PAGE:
Two-stage activation and thrombin activity assays
To determine if albumin fusion proteins possessed latent antithrombin activity, a two-stage assay was employed as previously described [14, 19]. Briefly, albumin fusion proteins (400 nM) were combined with 300 nM purified protease in PPNE buffer (20 mM sodium phosphate, pH 7.4, 0.1% polyethylene glycol 8000, 100 mM NaCl, 0.1 mM EDTA) for varying times. Purified proteases included FXIa, Factor Xa (FXa), Factor XIIa (FXIIa), plasmin (Enzyme Research Laboratories (South Bend, IN, USA)) and recombinant FVIIa (Niastase, Novo Nordisk Canada, Mississauga, ON, Canada). First-stage reaction products were combined 1:1 with 10 nM thrombin in PPNE for 1 min, and then diluted 10-fold into 100 μM S2238 chromogenic substrate (Chromogenix, Lexington, MA, USA). Colour generation from the amidolysis reaction was followed for 5 min to determine the reaction velocity. In some reactions HEPES-buffered saline (HBS; 25 mM HEPES, pH 7.4, 100 mM NaCl) supplemented with 5 mM calcium chloride was substituted for PPNE.
Electrophoresis and immunoblotting
SDS polyacrylamide gel electrophoresis was carried out under denaturing and reducing conditions using a Mini-PROTEAN III electrophoresis system following the manufacturer’s instructions (BioRad Laboratories, Mississauga, ON, Canada). Replica gels were transferred to nitrocellulose using an iBlot Gel Transfer Device as specified by the manufacturer (Invitrogen, Carlsbad, CA, USA). Immunoblotting was as previously described, using Tris-buffered saline/0.02% Tween 20 (TBST) for washing and 3% BSA in TBST for antibody incubations. Primary antibodies were all monoclonal: mouse anti-HSA (Genway Biotech, San Diego, CA; mouse anti-polyhistidine (Sigma-Aldrich, Oakville, ON, Canada); and mouse anti-myc (Thermo Fisher Scientific, Mississauga, ON, Canada). The secondary antibody was goat anti-mouse IgG, alkaline phosphatase- (AP-) conjugated. Blots were visualized through colour development resulting from the action of AP on substrate nitro blue tetrazolium chloride/5-bromo-4-chloro-3-indolyl-phosphate, toluidine salt (NBT/BCIP).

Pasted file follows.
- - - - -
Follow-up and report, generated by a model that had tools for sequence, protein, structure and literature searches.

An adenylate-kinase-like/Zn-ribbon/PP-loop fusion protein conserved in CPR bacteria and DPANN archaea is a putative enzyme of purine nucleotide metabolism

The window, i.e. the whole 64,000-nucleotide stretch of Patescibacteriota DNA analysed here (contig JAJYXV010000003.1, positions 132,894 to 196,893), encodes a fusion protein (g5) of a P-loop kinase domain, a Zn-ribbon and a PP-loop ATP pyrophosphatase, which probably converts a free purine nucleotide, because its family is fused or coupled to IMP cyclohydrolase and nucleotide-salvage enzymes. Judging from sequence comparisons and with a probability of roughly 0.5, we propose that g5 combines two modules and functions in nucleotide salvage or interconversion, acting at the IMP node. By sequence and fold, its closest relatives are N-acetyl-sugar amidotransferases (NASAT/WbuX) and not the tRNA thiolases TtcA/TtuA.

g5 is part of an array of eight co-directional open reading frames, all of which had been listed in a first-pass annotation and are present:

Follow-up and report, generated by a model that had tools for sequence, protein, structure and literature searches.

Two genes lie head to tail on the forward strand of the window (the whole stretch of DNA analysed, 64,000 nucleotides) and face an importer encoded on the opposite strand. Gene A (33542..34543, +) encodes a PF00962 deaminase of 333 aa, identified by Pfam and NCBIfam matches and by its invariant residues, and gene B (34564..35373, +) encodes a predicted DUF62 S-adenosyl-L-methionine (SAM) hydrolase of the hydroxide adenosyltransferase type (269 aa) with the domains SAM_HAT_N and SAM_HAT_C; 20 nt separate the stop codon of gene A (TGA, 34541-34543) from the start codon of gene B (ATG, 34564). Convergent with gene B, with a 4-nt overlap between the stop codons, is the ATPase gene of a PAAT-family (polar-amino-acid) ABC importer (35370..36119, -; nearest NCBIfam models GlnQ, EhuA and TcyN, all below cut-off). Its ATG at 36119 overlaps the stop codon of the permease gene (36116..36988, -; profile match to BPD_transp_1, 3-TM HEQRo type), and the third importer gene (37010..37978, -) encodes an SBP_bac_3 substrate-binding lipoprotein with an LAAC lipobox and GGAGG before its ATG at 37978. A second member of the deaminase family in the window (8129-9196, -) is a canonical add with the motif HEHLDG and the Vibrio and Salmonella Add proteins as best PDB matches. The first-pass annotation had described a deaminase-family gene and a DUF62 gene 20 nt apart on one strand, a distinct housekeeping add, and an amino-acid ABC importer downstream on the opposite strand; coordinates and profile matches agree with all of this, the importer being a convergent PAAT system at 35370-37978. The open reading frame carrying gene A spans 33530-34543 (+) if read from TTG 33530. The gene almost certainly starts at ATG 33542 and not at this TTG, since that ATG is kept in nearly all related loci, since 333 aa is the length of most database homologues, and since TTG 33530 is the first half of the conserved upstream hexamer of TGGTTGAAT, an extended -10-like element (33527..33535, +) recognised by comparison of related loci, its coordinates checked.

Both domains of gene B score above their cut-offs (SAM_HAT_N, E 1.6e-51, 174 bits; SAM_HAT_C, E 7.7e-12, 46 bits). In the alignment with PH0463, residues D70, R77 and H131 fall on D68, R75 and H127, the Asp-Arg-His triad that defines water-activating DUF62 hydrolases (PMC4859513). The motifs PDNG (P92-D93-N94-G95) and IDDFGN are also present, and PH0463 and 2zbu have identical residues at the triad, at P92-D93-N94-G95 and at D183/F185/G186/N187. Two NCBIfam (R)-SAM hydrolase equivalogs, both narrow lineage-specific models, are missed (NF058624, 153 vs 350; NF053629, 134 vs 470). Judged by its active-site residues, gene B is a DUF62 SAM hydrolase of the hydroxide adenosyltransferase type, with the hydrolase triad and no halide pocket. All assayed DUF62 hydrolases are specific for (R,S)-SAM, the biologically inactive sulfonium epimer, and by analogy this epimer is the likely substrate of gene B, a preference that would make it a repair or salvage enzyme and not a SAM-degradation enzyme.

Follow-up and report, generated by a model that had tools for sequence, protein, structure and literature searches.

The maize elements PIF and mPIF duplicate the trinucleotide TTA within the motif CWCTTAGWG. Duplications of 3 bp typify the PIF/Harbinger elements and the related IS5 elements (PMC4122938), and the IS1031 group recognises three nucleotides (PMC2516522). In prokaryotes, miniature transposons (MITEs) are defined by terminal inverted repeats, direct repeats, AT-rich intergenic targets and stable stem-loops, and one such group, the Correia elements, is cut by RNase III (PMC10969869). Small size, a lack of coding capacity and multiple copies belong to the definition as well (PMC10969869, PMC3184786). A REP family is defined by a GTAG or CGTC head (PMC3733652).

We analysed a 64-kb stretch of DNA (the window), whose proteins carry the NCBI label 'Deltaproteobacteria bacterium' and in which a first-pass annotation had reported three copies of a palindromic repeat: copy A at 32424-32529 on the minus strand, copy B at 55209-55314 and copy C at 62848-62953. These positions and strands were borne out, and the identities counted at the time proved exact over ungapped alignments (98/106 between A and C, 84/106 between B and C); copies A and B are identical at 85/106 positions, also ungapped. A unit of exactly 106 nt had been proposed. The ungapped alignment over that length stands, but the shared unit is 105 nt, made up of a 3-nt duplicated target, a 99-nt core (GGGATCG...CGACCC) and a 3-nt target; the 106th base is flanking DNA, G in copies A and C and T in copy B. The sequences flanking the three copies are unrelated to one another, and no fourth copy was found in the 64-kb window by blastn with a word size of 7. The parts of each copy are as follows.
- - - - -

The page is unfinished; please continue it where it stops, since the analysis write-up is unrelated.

Murine carotid artery thrombosis model
The time to occlusion (TTO) of the ferric-chloride treated carotid artery was assessed by Doppler ultrasound as previously described [14, 23,24,25,26]. Briefly, CD-1 mice were anesthetized, the carotid artery was exposed surgically, and thrombosis was induced by topical application of a 1 mm2 patch of Whatman paper soaked in 10% (w/vol) ferric chloride for 3 min. Two min prior to patch application, purified EPR-HV3HSA or mycHV3HSA in saline, or saline vehicle, were injected intravenously at 120 or 40 mg/kg body weight. Arterial blood flow was monitored after patch removal and the TTO defined as the time until flow dropped below 0.1 ml/min. Vessels not occluded at the end of the 60 min observation period were scored with a TTO of 60 min. These and all other experiments with mice were carried out under the terms of an Animal Utilization Protocol (AUP) approved by the Animal Research Ethics Board of the Faculty of Health Sciences of McMaster University. At the close of all experiments, anesthetized mice were euthanized by cervical dislocation as stipulated in the approved AUP.
Murine LPS/L-NAME fibrin deposition thrombosis model
The deposition of fibrin in the heart and kidney of CD-1 mice treated with lipopolysaccharide (LPS, serotype 0127:B8, Sigma-Aldrich) and vasoconstrictor nitro-L-arginine methyl ester (L-NAME, Alexis, Nottingham, UK) [27, 28]was assessed using radiological methods as previously described . Briefly, L-NAME was given intraperitoneally (IP) (50 mg/kg body weight) at 0, 30, 120, and 240 min; the second injection also contained 2 mg/kg body weight LPS. One minute prior to the first IP injection, albumin fusion proteins in saline or saline vehicle were given at 40 mg/kg body weight with 30 million cpm 125I-human fibrinogen labeled using the Iodogen method . Five hours after the first IP injection, mice were euthanized, and hearts and kidneys were excised, washed in ice-cold saline, and organ-associated radioactivity was determined by γ-counting.